London: Sampson, Low, Son, and Marston, 1869. 4to (10.75 x 8.5 inches). 217 pages. Oval bust portrait albumen photograph of William Gilpin, Governor of Colorado, mounted as frontispiece (mount foxed). Large folding map: "Map of the Trenchara and Costilla Estates forming the Sangre de Christo Grant Situate in San Luis Valley Colorado Territory," 25.5 x 20 inches sheet (some light toning along folds, one tiny hole, and a short tear along one fold, generally fine). Original green blind-paneled cloth, gilt-lettered on front cover. Rebacked to match, some foxing at beginning and end, not affecting text. Item #406280
First trade edition, published after the exceedingly scarce privately printed edition (see below). Blackmore was a visionary Englishman with a plan for developing southern Colorado and northern New Mexico. His work as an ethnologist was considerable, and his collection of American Indian material is now at the British Museum. The fine map was featured in 'Nothing is Long Ago: A Documentary History of Colorado 1776-1975': "This map shows the largest of those grants in Colorado that were later confirmed by the United States, the Sangre de Christo grant, comprising 1,000,000 acres in the San Luis Valley. The grant was made to Stephen Luis Lee and his 12-year-old nephew Narcisco Beaubien in 1843. Narcisco's father, Carlos Beaubien, was already half owner of an adjoining 1,700,000 acres, later called the Maxwell Grant. Carlos came into possession of the Sangre de Christo grant after his son and brother-in-law were killed in the Taos revolt of 1847." This important map is not in Wheat or Phillips.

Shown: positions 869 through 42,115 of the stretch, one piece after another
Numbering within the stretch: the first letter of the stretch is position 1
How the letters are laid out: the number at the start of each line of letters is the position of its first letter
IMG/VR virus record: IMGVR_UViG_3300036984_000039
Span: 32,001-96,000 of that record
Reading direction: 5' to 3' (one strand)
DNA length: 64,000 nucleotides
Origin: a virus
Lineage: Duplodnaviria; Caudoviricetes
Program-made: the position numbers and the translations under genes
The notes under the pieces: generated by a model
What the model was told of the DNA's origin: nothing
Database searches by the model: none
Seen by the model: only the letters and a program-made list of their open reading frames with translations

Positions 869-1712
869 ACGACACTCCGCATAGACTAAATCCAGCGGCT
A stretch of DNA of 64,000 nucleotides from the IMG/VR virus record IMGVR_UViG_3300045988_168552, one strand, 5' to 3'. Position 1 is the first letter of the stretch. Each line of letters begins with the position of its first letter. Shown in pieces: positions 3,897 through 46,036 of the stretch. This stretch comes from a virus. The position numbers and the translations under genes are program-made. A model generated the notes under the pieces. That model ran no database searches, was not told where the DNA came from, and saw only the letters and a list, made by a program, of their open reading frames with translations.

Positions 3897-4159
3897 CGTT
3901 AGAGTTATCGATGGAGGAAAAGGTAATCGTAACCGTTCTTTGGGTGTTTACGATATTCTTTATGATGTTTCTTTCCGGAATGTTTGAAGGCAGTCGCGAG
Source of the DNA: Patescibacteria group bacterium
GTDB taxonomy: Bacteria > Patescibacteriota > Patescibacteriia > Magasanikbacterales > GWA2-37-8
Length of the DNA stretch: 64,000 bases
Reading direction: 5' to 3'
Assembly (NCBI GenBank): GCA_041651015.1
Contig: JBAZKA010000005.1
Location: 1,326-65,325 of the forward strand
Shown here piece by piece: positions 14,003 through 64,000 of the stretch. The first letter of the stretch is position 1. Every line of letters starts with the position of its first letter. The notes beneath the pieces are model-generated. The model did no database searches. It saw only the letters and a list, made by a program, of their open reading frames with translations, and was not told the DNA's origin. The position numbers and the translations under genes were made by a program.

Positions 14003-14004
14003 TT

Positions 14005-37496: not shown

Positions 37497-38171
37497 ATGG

The book was published in various forms, with varying numbers of photographs and paginations. It was first published in a very rare privately printed edition. The later trade edition, published as here by Sampson Low, is usually found with five or fewer photographs. Adams Herd 272; Graff 318; Howes C-607; Margolis & Sandweiss, To Delight the Eye 2; Sabin 14735; Wilcox, p.5; Wynar 2025.